Length: 291 pages
About: American love affairs in London
Style: 3rd person
Where: London, England
Virginia Miner, a fifty-something, unmarried tenured professor, is in London to work on her new book about children’s folk rhymes. Despite carrying a U.S. passport, Vinnie feels essentially
English and rather looks down on her fellow Americans. But in spite of that, she is drawn into a mortifying and oddly satisfying affair with an Oklahoman tourist who dresses more Bronco Billy than
Beau Brummel. Also in London is Vinnie’s colleague Fred Turner, a handsome, flat broke, newly separated, and thoroughly miserable young man trying to focus on his own research. Instead, he is
distracted by a beautiful and unpredictable English actress and the world she belongs to. Both American, both abroad, and both achingly lonely, Vinnie and Fred play out their confused
alienation and dizzying romantic liaisons in Alison Lurie’s Pulitzer Prize-winning novel.
As has sometimes been remarked, almost any woman can find a man to sleep with if she sets her standards low enough. But what must be lowered are not necessarily standards of character,
intelligence, sexual energy, good looks, and wordly achievement. Rather, far more often, she must relax her requirements for commitment, constancy, and romantic passion; she must cease to hope for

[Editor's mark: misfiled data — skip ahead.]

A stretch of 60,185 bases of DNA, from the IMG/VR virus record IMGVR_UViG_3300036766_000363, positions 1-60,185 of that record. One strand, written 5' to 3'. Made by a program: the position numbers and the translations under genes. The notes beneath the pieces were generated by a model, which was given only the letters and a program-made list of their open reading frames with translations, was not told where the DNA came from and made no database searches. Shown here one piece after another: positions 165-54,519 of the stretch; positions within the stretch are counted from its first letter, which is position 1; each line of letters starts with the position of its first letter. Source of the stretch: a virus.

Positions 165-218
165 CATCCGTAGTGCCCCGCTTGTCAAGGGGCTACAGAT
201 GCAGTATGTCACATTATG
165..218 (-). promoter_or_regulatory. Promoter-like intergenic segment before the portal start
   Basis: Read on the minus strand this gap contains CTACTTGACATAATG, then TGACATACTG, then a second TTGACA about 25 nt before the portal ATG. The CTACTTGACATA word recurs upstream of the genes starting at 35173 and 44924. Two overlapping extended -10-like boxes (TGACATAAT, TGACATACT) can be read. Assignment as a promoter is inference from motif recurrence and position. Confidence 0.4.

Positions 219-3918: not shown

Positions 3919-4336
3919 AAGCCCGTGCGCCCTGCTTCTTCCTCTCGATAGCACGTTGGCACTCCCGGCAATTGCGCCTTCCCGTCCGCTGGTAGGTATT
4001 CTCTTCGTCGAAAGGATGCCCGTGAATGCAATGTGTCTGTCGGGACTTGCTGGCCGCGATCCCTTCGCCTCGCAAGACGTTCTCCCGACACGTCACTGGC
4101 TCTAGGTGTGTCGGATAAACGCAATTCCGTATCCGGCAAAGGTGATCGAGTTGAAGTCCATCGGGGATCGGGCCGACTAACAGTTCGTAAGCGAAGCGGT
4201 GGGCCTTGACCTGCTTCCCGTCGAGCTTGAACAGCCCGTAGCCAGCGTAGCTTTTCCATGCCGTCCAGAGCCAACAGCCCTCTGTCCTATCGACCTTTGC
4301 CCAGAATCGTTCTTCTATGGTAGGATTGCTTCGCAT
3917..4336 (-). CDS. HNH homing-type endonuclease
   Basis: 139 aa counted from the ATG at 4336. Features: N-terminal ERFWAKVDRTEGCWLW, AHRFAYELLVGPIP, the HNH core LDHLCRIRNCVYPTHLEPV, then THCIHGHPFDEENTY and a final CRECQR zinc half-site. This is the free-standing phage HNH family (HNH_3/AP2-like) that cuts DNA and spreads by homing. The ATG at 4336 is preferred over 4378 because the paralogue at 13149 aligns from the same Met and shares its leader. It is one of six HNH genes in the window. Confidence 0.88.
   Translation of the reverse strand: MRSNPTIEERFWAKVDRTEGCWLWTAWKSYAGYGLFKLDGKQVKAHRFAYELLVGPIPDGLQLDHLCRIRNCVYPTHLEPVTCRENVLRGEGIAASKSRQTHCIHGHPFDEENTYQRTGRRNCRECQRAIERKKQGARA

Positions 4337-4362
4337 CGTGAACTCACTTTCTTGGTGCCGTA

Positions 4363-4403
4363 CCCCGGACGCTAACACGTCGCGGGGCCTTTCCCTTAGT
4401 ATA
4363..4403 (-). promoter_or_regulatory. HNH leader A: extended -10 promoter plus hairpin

declarations of love, admiring stares, witty telegrams, eloquent letters, birthday cards, valentines, candy, and flowers. No; plain women often have a sex life. What they lack, rather, is a love
Foreign Affairs is Miss Lurie’s inquiry into the romance of Europe, from a writer who knows that romance is the one thing we all need but can never trust. And rightly so; in an age of soft dreams,
we need her hard edge.
The Times, Malcolm Bradbury, January 19th 1985
Not so good:
The two skeins of plot are ingeniously interlaced with some well-calculated surprises. The author has, however, an irritating way with tenses.
The Times, Stuart Evans 31st January 1985
About the author
Born September 3, 1926 in Chicago but grew up in White Plains, New York. She graduated from Radcliffe College in 1947. Lurie taught literature, folklore, and writing at Cornell University from
1968 to 2006, first as a lecturer, later being appointed to full professor in 1979. Lurie has three children and is married to the writer Edward Hower.